The past couple of weeks Doris’ family has been visiting. Her sister and niece were here for a week. Her mother was her for ten days. It was great to have them. And I got to take each of them out on the motorcycle.
Udella is eight years old. This was her first time on a motorcycle.
I went on my first motorcycle ride when I was three years old. My father and uncle wielded foot-pegs onto the frame of a Kawasaki so my feet would reach. I rode with my father from Evansville, Indiana to Lexington, Kentucky. (That’s about 200 miles!)
Udella’s first ride was a little shorter than that. We went to the comic book store and got a copy of Wonder Woman and HiHi Puffy Ami Yumi. [...]
I have a couple of weeks before going back to Lexington. I’ll be starting a new job tomorrow (as a ranch hand!) and moving to our new apartment on Tuesday. But I’ve decided to use this time to work in getting published.
A friend and classmate at Naropa got some incredible news last week that has inspired me. I don’t want to say what the news is yet because I don’t think the official announcement has been made. But he already said he’d give me an interview, so I’ll post one pretty soon.
I have a few stories of my own that are ready for publication. I sent some out last year, but this year I’m going to make an even bigger effort. I’m using the Writer’s Database to track them. In the next week I’ll send my story July 5th [...]
The opening panel for the final week of the Summer Writing Program was on Performance. Anne Waldman chaired the panel with Fiona Templeton, Karen Finley, and Miguel Algarin. Although I am not interested in performing in front of an audience like many poets are, when I am writing it is a type of performance. Sometimes when I am writing my body moves and my head nods as the words come out of me. The words are like footprints left behind from a performance in front of my computer screen.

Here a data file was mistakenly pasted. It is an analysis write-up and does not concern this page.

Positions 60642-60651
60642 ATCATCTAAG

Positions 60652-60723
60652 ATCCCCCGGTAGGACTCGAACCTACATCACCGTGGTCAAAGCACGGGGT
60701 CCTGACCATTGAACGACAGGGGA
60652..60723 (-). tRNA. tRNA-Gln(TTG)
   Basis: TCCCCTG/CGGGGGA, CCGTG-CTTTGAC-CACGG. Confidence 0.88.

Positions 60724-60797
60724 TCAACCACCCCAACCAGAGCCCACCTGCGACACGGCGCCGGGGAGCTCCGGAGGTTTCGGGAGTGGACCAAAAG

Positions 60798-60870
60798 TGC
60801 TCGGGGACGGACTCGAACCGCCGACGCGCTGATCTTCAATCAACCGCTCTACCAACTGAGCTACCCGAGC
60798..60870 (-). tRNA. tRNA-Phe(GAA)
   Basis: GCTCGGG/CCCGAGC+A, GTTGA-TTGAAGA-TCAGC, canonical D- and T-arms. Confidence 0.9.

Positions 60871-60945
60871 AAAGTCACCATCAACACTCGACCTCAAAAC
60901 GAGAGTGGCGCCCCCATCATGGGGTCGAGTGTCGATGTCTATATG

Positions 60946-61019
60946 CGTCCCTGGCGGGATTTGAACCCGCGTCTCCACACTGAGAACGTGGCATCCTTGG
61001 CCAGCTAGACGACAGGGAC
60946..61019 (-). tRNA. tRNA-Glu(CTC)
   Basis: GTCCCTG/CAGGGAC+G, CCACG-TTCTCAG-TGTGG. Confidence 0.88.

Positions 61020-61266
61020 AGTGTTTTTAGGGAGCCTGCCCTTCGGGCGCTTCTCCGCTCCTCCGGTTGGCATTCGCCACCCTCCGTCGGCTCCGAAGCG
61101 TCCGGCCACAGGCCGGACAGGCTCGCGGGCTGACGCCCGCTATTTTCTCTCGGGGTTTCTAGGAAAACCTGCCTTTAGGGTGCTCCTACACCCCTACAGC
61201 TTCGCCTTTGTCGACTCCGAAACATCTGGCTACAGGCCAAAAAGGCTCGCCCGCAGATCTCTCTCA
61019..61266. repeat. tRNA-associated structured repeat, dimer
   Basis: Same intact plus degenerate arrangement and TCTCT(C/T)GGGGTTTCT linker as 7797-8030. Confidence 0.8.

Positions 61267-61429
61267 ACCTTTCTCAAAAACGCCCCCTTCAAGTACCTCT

Miguel Algarin’s comments were brief but to the point. It’s not what writers like Amiri Baraka and Sonia Sanchez leave at home that matters, he said, it is what they choose to bring out into the public. Don’t get up on stage unless you can stand behind your work, he added. Poets who bring less than their best to a reading support the [...]
In the third week Mark McMorris gave the lecture titled Ah Noh Music Dat: Speech in the Discourse of Nationalism. The title for the lecture came from a conversation he overheard between two Jamaican workers outside his home in New York. The two workers discussed the musician Yellow Man and one of them proclaimed, “Ah no music dat.”
McMorris quoted and critiqued T. S. Eliot on his statements about poetry and nationalism. Eliot believed that the core of a nation was it’s language and that the language was harbored and harvested in it’s literature. The situation can be represented by this equation:
Nation = Language = Literature
The quote by Eliot that “No art is more stubbornly national than poetry” caused several in the audience to gasp. It [...]
Fiction writers that have come to Naropa are often looking for that poetic influence we won’t find at more traditional writing schools. Poets have a passion and care for their words that is inspiring. But fiction writers have much to offer one another and even to poets, a passion and care for telling stories.
This is why I was surprised that Tuesday’s panel of the third week was called “Telling Stories”, yet the only fiction writer on the panel was the chairperson Samuel Delany. It wasn’t a surprise that he made some of the most profound statements about stories. During his remarks he talked about story being the very foundation of the universe. Einstein’s theories, for example, are merely complex and intricate stories. The world, he said, is made up of stories. This reminded me of two quotes I keep in my mind all the time: